It is our policy not to comment on the details of specific intelligence operations as these are operational matters for the police and the security service. However, on 11 May 2006, I informed the House that the police and agencies have disrupted many attacks against the UK since 9/11, including three since last July.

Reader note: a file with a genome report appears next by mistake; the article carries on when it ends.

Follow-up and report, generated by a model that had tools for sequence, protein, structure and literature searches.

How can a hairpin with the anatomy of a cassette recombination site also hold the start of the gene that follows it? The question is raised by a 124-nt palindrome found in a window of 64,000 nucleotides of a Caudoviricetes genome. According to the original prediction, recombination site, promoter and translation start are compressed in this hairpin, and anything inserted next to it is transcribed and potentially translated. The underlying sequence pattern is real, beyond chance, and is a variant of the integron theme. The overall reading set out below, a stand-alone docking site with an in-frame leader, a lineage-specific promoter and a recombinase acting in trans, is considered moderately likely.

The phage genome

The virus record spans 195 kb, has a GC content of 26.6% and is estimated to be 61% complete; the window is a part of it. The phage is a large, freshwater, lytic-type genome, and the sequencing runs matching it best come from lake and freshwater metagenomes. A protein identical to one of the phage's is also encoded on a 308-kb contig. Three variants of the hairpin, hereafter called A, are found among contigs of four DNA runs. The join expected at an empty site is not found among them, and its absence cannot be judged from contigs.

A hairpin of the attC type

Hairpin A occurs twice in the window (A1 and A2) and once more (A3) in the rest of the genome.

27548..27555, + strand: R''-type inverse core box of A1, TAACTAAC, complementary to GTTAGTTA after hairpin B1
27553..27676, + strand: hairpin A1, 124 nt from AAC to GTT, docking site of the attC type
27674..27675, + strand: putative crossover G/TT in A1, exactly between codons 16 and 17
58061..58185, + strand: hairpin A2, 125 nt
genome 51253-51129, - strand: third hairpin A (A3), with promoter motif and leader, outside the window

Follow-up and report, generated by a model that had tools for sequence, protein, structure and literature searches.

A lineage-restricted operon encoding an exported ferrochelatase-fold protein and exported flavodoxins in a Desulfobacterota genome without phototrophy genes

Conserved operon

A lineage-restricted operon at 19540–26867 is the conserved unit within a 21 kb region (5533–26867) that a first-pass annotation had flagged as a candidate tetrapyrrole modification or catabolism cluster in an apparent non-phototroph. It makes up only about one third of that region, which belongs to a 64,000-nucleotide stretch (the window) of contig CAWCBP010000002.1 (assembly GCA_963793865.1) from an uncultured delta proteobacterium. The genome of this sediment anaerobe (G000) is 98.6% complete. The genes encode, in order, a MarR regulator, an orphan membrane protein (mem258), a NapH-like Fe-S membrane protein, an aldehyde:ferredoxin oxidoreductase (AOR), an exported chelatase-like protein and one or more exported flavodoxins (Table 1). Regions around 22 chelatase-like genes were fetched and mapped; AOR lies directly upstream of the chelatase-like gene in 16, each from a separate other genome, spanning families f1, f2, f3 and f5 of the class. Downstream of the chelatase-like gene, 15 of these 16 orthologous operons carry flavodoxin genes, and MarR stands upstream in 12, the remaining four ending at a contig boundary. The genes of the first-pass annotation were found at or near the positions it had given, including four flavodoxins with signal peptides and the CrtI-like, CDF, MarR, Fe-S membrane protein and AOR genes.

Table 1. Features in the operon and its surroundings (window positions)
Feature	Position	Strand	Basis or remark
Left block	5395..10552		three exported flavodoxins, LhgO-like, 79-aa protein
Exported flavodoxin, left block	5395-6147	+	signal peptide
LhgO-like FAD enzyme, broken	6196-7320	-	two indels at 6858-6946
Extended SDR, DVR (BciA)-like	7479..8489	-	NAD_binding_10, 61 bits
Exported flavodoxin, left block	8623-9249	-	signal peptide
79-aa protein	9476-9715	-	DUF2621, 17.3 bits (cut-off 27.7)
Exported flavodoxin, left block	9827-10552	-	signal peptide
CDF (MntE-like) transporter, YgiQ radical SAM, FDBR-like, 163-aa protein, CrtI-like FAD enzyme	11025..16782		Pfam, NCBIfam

Under the UK presidency, in the context of the EU's action plan to counter radicalisation and recruitment to terrorism, the Government proposed the development of a “non-emotive lexicon”. This proposal reflected our recognition, and that of the EU, that certain terms are potentially inflammatory if used inappropriately and there are those who wish to misrepresent Government policies as anti-Muslim or anti-Islam. The Austrian presidency took work on this forward with the development of a short list of key terms and a broader EU communications strategy, which was designed to provide a framework for discussing issues related to Islamist terrorism. The lexicon is a living document which the current presidency may or may not chose to expand, but, as part of the communications strategy, it is a guide to help EU Ministers and officials express themselves clearly and to minimise the chance of their statements and policies being misunderstood or misconstrued.